Here is the official link to the park:

This part of British Columbia is sometimes considered to be an extension of the Great Basin Desert in the United States. In fact, there is plenty of cactus in the park. This species is also found in Okanogan County where I bird hunt. There it is found in very scattered patches though I have had two dogs run into it during hunting season.

No problem finding it within the confines of the park. It "carpets" the ground underneath the sage and dryland grasses. The problem once walking into the sage is how to find the way out!!

Nasty, nasty stuff and lots of it!!

The next morning as we headed north I kept searching for the last sagebrush bush alongside Highway 97.  I believe the last sage was just at six lake summit on the highway. From there we finally left the Great Basin ecosystems behind us.

Wednesday, July 20, 2016

cabackroads destination--Lundbom Lake, Merrit, British Columbia

cabackroads destination--Lundbom Lake, Merrit, British Columbia

dates of stay: July 12 and 13th, 2016

Once into Canada we needed to buy food, bear spray, and several books on backcountry roads in British Columbia.

If your traveling in British Columbia, just get these books. Excellent quality, detailed information and also available in digital format: Most of the books are focused around fishing, but some have more information on camping while others are strictly fishing. So chose carefully.

The plan was to stop outside of Merritt for the first night in Canada. Then move on to Kamloops and the Costco there for a GPS unit and those special Costco food items.

By the way, we found out that Costco in Canada does NOT take Visa, only MasterCard. The reverse of the situation south of Canadian border. After a hectic 15 minutes we were able to write a personal check payable in US funds for our purchases. Oh, and Costco had only ONE GPS unit for sale. More on that later in the trip.

I located a Marquart Lake just south of Merritt located on BC Forest Service land with a primitive campground. Just east of that lake, was Lundbom Lake which has much better fly fishing and only did not sport a "Bear in area, warning sign".

Lundbom Lake it was with a nice waterfront campsite. The only services were a campsite spur, picnic table.  However, as the picture illustrates it is a very scenic and pleasant spot just a few miles from Merritt. The normal rate is $12 a night, but for old people it is only $6.

Merritt like most Canadian towns in a tidy town, with a few ragged edges if you look deeper. However, on the surface it is an attractive town.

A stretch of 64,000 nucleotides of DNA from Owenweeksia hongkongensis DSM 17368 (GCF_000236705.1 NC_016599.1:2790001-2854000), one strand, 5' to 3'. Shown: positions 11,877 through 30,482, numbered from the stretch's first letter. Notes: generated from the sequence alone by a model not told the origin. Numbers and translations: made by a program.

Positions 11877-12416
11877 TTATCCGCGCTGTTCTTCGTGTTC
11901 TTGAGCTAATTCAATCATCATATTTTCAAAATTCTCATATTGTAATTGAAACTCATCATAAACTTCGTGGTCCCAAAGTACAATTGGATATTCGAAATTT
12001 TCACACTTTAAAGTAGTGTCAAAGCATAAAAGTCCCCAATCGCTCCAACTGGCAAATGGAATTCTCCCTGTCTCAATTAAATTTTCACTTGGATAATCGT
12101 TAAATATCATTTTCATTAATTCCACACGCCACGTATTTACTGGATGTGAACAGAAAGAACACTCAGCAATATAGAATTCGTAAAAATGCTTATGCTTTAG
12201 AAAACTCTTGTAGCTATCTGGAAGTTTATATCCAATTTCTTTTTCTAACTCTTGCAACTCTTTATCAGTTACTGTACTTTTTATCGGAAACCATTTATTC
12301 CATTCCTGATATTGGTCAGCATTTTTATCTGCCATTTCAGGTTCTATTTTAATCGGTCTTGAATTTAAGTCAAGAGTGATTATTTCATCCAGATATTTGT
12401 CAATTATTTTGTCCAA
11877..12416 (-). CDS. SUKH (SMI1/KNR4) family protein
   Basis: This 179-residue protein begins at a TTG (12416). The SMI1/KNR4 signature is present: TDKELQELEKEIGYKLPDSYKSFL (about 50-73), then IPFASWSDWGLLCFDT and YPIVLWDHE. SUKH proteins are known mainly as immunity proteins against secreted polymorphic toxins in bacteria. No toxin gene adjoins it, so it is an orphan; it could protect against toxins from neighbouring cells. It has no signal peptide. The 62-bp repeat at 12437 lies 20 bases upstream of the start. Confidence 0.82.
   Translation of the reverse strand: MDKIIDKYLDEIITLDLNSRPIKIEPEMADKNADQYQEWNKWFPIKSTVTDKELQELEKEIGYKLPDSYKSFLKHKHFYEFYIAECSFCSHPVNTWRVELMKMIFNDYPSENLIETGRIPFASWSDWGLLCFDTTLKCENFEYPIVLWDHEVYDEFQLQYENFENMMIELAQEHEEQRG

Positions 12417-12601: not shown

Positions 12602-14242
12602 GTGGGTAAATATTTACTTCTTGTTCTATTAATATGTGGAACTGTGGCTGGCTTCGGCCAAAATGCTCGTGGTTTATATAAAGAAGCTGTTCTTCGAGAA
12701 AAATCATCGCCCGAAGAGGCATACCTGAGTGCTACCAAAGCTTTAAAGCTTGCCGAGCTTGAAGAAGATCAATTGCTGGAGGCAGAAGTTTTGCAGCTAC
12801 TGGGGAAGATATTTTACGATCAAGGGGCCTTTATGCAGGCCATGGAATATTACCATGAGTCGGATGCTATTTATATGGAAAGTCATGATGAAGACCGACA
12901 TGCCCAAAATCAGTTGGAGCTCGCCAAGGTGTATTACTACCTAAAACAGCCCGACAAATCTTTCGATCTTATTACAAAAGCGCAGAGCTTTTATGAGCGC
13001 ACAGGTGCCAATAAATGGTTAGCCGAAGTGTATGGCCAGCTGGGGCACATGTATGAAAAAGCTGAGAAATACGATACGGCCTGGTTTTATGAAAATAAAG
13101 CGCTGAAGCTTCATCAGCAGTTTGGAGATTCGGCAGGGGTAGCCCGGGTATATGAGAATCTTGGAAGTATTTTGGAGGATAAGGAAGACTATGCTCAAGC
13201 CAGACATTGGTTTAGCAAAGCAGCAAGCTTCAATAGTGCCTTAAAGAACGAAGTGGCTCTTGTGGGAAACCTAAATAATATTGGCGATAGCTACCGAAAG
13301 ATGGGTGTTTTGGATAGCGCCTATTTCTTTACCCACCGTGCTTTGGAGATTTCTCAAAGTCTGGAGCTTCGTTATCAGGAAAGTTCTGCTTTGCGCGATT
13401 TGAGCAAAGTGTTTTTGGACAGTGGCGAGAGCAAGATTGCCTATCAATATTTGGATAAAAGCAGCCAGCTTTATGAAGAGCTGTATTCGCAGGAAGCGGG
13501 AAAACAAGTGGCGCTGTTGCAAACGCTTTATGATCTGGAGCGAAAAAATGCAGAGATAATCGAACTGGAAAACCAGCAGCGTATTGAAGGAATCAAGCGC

The Save-On Supermarket had a good selection of fresh food.

I also found a couple of outdoor stores to buy the bear spray, rod case, and the BC backroads maps. The store is located on the main street coming into town and is named Gun Fishing. Nice rack of rifles, very light on shotguns. If your a Canadian you can buy a AR-15 here. It had a good fly fishing selection and the service was excellent

This is the BC Liquor Store. The only place in British Columbia to buy wine. Selection does vary by store to some extent. Merritt was pretty bad, but the store in 100 Mile House was a bit more interesting. Prices were very high.

Merritt also has the Canadian Country Music Hall of Fame display. It was worth the stroll through the place, but really needs some interpretative help.

Never did get the opportunity to fish Lundbom Lake, but the fishing looked slow. It is after all summer.

After a couple of pleasant nights we moved onto Kamloops and started heading north.

Sunday, July 17, 2016

usbackroads destination--Alaska, but first crossing the border.

 usbackroads destination--Alaska, but first crossing the border

This was the year for the road trip up to Alaska. So many things to go wrong, before finally hitting the road. The great adventure was those two shiny new kayaks that you see up on top of the Dodge Ram.  Cheap kayaks only $300 bucks. Of course, the truck cap that I tried borrowing from a friend would not fit, so there is a new truck cap with a Yakima rack and of course, two kayak carriers.  Don't ask how much that all cost or took in time. But an adventure.

Then there was the eboost amplifier for the cell phone that only took two days to finally get working on voice, data is still a mystery. But it appears it works. This blog posting is in a "no service" area just north of 100 Mile House in British Columbia. The data is at 10 Mbps. Maybe a NextFlix movie after this blog posting.

The only good news was that it took so long to get going that Verizon offered a new data and voice plan for Mexico and Canada. So we got 16 gigs of data, plus unlimited voice and text in Canada and Mexico.

See the new shiny "dog" ramp for Bugaboo and Snowpatch for their backseat doghouse in the Dodge Ram.

We left Wenatchee so late that the first stop was Blue Lake in the United States. Leaving the border crossing for the next day.

Oh yeah, crossing the border.

First, never chose to be born in a country that the United States intensely dislikes. Second, do NOT chose a nationality that the United States intensely dislikes.  That looks like two strikes right there and I haven't even come close to a border crossing.

Oh well, at least I can get out of the United States without a problem. Nope, this time we were crossing into Canada at the Nighthawk crossing and we were stopped LEAVING the United States. REALLY??

Of course, the Canadians were concerned about my one-ton truck. I have camo outdoor clothes that I am really fond of, but now I hide them when crossing the border. A large diesel truck, camo, and dogs can ONLY mean that there has to be a GUN SOMEWHERE in the HUGE TRUCK!! Now with only the truck we were only asked about guns!!

Somehow we made it out of the United States and into Canada!! At the first sporting goods store in Canada we stopped to pick up bear spray. Yep, can't bring it into Canada, even though it is made in Montana. But what really caught my eye in the sporting goods store were ALL the GUNS.  AR-15's and god knows what else for sale in Canada. Thank god, for that strict border policy on guns. Does this mean the Canadians just want you to buy them in Canada??

More on the adventures as we crossed into Canada tomorrow.

For Bugaboo and Snowpatch no passports required. They never did get asked if they had guns. And somehow in all the questions not one about the rabies certificate.  Oh yeah, trip was delayed a day so we could get Bugaboo's certificate.

Those sleeping arrangements only work for naps. At night Snowpatch insists on the large bed and kicks Bugaboo out into the small bed.